If we understand it correctly, the difficulty is this — that from the time we’re conscious adults, maybe even before that, we get to choose how we’re going to die. It is not that we get to choose whether we contract cancer or get hit by a bus (although certain choices make these eventualities more or less likely) but that, if we are relatively fortunate (meaning, if we do not have our freedom revoked by circumstance or a malevolent force we can’t control), we have a remarkable degree of choice about what to do, think and become in the meantime, about how we go about living, which means we have a remarkable degree of choice over how we go about our dying. The choice, like the end itself, is ultimately ours and ours alone. This is what Heidegger meant when he wrote that death is our “own-most possibility”: Like our freedom, death is ours and ours alone.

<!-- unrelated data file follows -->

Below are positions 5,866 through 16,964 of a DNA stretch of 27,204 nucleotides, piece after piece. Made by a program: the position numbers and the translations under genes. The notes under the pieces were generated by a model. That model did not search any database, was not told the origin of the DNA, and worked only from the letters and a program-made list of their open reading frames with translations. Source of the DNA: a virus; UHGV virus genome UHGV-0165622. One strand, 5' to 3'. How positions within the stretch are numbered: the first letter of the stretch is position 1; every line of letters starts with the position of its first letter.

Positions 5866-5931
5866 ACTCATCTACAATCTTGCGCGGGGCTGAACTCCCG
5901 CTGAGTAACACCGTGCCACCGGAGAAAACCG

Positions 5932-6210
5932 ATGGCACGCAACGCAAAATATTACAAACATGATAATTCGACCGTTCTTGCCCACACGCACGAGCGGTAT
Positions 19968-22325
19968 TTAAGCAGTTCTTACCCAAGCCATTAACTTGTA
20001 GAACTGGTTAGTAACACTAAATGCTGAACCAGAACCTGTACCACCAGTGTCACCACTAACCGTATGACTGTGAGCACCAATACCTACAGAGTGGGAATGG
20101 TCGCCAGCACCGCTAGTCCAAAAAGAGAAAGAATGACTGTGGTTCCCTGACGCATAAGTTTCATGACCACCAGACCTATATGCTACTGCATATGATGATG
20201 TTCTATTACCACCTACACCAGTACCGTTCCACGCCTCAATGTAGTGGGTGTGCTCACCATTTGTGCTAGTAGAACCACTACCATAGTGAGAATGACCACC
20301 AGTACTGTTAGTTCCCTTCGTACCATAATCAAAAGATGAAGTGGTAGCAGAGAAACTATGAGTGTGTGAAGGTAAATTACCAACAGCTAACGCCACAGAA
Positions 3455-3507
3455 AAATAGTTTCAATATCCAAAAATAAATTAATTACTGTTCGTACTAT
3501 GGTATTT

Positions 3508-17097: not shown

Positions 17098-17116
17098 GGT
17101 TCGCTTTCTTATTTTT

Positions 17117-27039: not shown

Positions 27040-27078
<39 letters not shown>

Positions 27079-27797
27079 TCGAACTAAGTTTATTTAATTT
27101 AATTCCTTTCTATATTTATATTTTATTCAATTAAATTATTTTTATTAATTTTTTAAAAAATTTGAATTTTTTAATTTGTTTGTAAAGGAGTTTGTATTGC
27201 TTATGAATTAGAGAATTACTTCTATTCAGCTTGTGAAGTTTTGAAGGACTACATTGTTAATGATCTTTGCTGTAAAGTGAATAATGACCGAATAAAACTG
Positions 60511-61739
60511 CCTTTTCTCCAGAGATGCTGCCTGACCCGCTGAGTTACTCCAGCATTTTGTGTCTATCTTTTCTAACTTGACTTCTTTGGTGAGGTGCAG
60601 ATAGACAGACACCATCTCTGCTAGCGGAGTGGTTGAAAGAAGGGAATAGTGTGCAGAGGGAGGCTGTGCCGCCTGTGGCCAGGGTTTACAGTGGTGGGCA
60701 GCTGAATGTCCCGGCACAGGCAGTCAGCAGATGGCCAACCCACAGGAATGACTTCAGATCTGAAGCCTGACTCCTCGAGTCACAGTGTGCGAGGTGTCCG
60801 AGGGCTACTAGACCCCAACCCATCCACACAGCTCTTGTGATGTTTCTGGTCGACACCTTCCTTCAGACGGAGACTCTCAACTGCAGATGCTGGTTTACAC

如果我们理解得没错,困难在于――从我们成为清醒的成年人起,或许甚至在这之前,我们就得选择自己将会如何死去。这不是说我们可以自行选择是否患上癌症或者会不会被巴士撞上(虽然确实有些选择可以令这些可能性变大或变小),而是意味着,如果我们是相对幸运的(意思是,如果我们没有因为环境或我们无法控制的恶意力量而丧失自由),我们有相当大的余地去选择该做什么、该思考什么和应该成为什么样的人,并选择自己如何生活,这意味着我们有相当大的余地去选择我们将如何死去。选择同人生终点一样,最终是属于我们自己的,也是我们要独自面对的。这就是海德格尔(Heidegger)所说的,死亡是我们“最本己的可能性”(own-most possibility):和自由一样,死亡属于且仅属于我们自己。

Thinking about all of our heroes and friends and loved ones who have died, we may try to genuinely understand that death is coming, and to be afraid. “A free man thinks of death least of all things,” Spinoza famously wrote, “and his wisdom is a meditation not of death but of life.” But we don’t even begin to think about life, not really, until we confront the fact that we are doing everything we can not to think about death. And perhaps we’re not so much afraid of dying, in the end, as of not living and dying well.